Climate Programs Escape Trump Budget Knife. But the Real Fight Lies Ahead.

Federal climate change and environmental programs survived largely intact in the $1.2 trillion budget deal that Congressional leaders reached in their weekend huddle to keep the federal government running through September. But the future beyond then is murky.

At risk of being slashedare U.S. clean energy research, the launching of Earth-observation satellite instruments, international aid for renewable energy and many other elements of the U.S. effort on climate change. President Donald Trump has provided Congress with no detailed proposal for fiscal year 2018, which starts in just five months, beyond a bare-bones outline proposing deep budget cuts for the Environmental Protection Agency, the State Department and other government agencies engaged on climate change.

The Republican-led Congress, which has not passed a single appropriations bill by the start of any fiscal year since 2010, appears no more likely to meet that deadline under a Republican president than it was under President Barack Obama.

Federal agencies face the same budget chaos they've dealt with for years, with the added wild card of Trump's plan to dramatically switch direction. Climate change programs, a top Obama administration priority, could be eviscerated under Trump, but no one yet knows whether Congress will capitulate or how far the White House will press in the bargaining over dollars and cents.

The interim budget agreement, which Trump is expected to sign this week, keeps climate-related programs in limbo. The $8 billion EPA budget marks a 1 percent cut from the previous year, and holds the agency staff to 15,000, the lowest level since 1989. In contrast, Trump's draft FY 2018 spending outline would cut EPA spending by 31 percent and cut 3,200 positions. That would put staffing at its lowest level since 1978.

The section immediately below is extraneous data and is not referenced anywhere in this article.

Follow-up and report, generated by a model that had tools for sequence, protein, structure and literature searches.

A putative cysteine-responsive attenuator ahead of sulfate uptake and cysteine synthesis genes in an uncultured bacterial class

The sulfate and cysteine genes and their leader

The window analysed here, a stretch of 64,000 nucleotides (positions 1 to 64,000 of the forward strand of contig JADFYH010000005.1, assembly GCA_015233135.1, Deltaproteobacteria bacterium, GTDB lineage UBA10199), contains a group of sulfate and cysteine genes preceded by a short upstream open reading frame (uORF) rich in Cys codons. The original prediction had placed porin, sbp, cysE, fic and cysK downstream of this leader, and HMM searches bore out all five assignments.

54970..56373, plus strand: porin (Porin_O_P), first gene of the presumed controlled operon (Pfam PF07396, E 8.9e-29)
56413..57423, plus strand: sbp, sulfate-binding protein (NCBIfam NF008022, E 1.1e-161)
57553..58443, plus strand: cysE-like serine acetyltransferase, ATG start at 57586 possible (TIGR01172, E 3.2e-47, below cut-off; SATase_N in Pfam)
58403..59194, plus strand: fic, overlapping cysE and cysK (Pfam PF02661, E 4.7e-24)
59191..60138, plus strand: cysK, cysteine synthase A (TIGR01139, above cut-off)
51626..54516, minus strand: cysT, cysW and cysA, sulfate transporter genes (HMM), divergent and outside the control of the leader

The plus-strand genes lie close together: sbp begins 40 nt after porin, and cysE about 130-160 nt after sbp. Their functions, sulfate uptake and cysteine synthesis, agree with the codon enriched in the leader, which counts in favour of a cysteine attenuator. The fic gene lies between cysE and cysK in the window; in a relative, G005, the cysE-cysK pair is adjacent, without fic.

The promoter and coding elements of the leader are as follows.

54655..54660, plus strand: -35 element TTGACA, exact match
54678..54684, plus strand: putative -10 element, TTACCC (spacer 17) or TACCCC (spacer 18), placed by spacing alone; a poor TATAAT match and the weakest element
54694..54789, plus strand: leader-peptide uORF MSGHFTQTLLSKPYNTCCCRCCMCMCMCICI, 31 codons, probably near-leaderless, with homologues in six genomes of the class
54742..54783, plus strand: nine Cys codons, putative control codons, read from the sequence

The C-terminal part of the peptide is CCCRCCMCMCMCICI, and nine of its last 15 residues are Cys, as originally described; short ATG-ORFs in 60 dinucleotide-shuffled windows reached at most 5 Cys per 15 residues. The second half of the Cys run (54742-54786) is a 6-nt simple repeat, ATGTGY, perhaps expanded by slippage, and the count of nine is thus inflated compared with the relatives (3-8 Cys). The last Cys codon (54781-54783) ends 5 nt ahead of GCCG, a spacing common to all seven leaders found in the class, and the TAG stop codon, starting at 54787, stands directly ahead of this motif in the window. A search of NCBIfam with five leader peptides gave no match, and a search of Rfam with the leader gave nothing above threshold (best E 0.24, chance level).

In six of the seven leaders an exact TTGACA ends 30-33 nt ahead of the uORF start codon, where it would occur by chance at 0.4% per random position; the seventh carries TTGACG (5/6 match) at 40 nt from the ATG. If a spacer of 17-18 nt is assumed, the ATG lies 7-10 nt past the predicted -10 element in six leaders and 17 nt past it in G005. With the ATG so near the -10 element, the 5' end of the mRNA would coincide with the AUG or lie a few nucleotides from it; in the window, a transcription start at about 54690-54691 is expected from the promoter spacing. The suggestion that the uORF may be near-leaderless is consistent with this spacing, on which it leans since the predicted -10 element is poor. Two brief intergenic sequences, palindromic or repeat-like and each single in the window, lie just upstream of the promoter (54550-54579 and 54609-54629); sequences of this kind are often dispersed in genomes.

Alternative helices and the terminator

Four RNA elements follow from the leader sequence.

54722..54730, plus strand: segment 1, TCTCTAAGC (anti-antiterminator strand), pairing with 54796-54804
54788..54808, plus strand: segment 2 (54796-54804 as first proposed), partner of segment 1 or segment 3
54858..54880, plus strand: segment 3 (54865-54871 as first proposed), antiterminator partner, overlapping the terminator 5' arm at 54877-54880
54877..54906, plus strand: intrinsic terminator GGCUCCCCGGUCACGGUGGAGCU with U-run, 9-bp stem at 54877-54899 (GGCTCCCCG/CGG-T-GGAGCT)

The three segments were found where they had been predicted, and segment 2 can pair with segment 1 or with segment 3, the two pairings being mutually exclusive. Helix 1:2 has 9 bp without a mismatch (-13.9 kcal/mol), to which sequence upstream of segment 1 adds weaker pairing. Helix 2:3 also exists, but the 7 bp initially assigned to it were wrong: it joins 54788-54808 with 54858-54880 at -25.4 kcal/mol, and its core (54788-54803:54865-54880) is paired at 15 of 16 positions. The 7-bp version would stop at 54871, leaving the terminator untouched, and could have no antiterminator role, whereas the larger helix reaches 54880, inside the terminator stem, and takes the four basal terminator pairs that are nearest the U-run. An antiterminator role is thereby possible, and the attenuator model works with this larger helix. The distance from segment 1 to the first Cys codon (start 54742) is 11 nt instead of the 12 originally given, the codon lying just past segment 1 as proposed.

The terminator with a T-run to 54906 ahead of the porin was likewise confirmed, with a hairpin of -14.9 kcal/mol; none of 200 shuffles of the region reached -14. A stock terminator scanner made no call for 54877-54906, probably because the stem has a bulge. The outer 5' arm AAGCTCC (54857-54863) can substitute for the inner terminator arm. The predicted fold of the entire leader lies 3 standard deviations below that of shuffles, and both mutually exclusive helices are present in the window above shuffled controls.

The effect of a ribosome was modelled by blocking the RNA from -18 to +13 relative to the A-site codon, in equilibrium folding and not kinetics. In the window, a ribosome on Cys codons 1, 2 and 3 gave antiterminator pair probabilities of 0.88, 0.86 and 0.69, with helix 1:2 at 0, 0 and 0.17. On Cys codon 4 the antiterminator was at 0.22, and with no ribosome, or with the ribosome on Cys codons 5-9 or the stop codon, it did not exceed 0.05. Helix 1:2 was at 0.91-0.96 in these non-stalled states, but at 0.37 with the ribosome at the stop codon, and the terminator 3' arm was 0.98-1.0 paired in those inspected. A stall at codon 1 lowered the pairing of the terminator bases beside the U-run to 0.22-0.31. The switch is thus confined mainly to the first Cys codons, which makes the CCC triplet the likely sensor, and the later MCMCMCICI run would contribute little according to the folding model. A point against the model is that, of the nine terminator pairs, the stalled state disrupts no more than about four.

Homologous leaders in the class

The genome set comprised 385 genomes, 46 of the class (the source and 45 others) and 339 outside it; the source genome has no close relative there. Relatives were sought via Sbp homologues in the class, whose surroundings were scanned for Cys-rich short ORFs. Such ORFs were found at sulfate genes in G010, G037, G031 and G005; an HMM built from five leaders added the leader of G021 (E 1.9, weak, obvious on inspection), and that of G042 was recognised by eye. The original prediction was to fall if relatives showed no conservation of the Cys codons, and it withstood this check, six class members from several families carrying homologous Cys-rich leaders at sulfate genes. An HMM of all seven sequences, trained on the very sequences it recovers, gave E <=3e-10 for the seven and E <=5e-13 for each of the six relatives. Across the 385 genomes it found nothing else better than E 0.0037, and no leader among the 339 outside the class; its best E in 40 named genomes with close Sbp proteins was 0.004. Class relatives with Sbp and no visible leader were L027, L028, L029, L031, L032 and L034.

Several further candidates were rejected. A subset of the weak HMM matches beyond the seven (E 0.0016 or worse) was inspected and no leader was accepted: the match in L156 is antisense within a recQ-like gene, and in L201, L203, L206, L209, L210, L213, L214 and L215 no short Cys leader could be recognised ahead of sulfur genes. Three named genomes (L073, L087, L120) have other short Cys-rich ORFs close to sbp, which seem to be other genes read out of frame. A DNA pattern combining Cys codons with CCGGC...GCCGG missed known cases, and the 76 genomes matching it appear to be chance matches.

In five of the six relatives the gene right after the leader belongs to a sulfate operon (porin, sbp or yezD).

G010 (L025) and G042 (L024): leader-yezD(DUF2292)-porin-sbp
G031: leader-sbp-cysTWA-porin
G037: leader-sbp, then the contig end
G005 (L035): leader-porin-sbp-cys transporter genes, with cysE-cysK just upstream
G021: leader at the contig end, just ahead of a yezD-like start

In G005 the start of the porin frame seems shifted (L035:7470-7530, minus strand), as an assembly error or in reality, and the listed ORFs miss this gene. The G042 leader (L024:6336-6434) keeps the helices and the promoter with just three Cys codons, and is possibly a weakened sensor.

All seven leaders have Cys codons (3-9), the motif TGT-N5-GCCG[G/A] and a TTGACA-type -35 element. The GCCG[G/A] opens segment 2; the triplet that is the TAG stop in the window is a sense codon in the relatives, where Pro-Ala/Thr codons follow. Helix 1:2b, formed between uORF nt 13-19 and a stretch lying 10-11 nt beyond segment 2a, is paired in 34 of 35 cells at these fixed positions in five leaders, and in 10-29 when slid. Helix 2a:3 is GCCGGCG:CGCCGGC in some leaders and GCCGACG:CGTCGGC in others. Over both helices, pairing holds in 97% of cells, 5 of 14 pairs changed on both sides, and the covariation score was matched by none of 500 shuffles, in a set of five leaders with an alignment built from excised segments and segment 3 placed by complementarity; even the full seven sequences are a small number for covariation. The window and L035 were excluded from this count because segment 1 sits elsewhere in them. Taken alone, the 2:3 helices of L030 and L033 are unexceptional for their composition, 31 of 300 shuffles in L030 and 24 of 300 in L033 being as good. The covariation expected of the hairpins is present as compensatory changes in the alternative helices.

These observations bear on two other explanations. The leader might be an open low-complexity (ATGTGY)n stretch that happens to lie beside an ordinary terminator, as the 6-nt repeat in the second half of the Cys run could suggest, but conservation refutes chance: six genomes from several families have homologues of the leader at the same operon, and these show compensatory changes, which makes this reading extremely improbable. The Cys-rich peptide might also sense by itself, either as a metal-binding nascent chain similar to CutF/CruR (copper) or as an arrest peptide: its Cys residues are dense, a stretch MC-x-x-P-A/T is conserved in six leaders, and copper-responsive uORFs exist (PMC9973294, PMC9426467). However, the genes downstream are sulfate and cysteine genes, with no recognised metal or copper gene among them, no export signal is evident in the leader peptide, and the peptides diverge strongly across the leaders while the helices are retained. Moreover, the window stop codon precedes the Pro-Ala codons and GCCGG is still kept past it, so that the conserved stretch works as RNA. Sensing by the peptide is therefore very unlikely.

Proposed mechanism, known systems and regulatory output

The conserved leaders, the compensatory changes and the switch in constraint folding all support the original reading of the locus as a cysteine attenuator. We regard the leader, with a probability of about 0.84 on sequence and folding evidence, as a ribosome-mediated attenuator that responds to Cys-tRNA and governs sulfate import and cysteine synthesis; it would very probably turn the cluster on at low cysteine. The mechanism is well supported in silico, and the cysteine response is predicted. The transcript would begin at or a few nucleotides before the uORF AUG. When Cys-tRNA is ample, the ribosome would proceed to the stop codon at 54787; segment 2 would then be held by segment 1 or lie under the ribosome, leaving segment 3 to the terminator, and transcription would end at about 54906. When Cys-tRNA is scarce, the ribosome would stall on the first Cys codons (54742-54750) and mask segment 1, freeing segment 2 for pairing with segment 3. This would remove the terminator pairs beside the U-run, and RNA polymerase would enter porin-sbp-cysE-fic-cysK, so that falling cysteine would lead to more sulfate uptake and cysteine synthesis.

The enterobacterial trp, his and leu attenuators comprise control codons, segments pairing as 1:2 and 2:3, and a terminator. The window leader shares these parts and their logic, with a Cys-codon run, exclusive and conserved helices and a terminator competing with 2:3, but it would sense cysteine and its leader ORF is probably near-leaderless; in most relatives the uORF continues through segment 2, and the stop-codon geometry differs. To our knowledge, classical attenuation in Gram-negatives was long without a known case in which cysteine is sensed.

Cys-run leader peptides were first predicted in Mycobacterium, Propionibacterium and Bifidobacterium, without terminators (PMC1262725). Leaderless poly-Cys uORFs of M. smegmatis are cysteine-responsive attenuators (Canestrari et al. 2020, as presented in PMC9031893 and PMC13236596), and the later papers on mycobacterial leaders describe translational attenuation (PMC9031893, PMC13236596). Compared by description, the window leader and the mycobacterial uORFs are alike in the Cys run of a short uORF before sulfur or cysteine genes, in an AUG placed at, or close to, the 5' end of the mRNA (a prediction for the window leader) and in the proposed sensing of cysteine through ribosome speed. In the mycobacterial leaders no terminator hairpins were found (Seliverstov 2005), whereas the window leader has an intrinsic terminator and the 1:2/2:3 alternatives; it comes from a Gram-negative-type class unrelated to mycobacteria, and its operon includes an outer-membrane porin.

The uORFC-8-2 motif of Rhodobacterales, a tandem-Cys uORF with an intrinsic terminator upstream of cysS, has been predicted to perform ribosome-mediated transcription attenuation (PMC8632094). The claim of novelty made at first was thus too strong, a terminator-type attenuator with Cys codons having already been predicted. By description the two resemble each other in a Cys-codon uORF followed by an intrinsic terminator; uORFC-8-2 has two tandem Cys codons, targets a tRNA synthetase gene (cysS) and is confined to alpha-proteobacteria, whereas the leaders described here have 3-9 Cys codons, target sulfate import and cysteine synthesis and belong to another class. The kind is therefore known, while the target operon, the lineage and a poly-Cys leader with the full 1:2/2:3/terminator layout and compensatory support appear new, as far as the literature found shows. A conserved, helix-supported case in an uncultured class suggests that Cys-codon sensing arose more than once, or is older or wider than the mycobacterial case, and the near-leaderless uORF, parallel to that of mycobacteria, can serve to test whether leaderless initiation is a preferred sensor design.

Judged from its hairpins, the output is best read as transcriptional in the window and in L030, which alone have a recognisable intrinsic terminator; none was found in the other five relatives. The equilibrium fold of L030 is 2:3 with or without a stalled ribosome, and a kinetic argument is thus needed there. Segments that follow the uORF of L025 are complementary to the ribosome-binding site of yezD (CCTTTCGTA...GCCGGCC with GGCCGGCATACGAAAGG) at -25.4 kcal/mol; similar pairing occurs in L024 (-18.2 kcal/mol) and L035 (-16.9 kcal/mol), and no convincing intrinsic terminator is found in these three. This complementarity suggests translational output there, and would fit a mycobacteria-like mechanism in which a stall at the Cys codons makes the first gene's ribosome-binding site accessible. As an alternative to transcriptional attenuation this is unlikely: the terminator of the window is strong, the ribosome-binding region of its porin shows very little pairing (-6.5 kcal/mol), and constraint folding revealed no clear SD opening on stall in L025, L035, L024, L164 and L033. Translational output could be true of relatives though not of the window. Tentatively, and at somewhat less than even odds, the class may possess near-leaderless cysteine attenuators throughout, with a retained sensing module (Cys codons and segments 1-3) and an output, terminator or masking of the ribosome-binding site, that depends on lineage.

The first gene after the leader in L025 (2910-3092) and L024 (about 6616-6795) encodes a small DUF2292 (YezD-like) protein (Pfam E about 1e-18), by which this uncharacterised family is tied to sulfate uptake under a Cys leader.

The Congressional summary of the deal noted that it contains provisions "to stop the EPA's anti-growth agenda that includes various harmful, costly, and potentially job-killing regulations." But the provisions don't have immediate impact; for example, the EPA will be required to report on the backlog of mining permits awaiting approval, but it doesn't direct the agency to approve particular permits.

The State Department's budget under the deal includes no money for the Green Climate Fund, the international fund to help developing nations prepare for climate change. The United States has paid only $1 billion of the $3 billion it has pledged to the fund. There will be no funding for the United Nations' Intergovernmental Panel on Climate Change, or for two UN efforts to accelerate the transition away from fossil fuels, the Strategic Climate Fund and the Clean Technology Fund.

The budget bill slightly increases the Energy Department's budget, including $42 million in new funding for "research into the next generation of energy sources," according to the Congressional summary.

Democrats are now hoping to build on this success in the larger fight over Trump's first budget, which will set the nation's direction on environment, energy and climate. Rep. Marcy Kaptur of Ohio, the highest-ranking Democrat on the House Appropriations Subcommittee on Energy and Water, said that although the budget deal was "imperfect," it would "send a signal of stability and security to the American people."

She praised the deal for preserving funding for Great Lakes protection and for "investing in cutting edge science as well as energy efficiency and renewable energy projects, for which this bill allocates $2.1 billion."

But the core of the department's green energy research, under its office of Energy Efficiency and Renewable Energy, is reportedly being put under the control of Daniel Simmons, former vice president for policy at the fossil fuel industry-funded Institute for Energy Research and a critic of federal support for renewables.

NASA's funding will increase 2 percent in the budget deal, and the bill includes full funding for the continuation of NOAA's current Joint Polar Satellite System weather satellite program and the Geostationary Operational Environmental Satellite program to help maintain and improve weather forecasting.

In claiming victory, Democrats pointed to the funding levels for science, as well as their success in fending off the White House effort to include funds for a Mexico border wall and to cut Planned Parenthood funding. "This is a good agreement for the American people," said Senate Minority Leader Chuck Schumer of New York.

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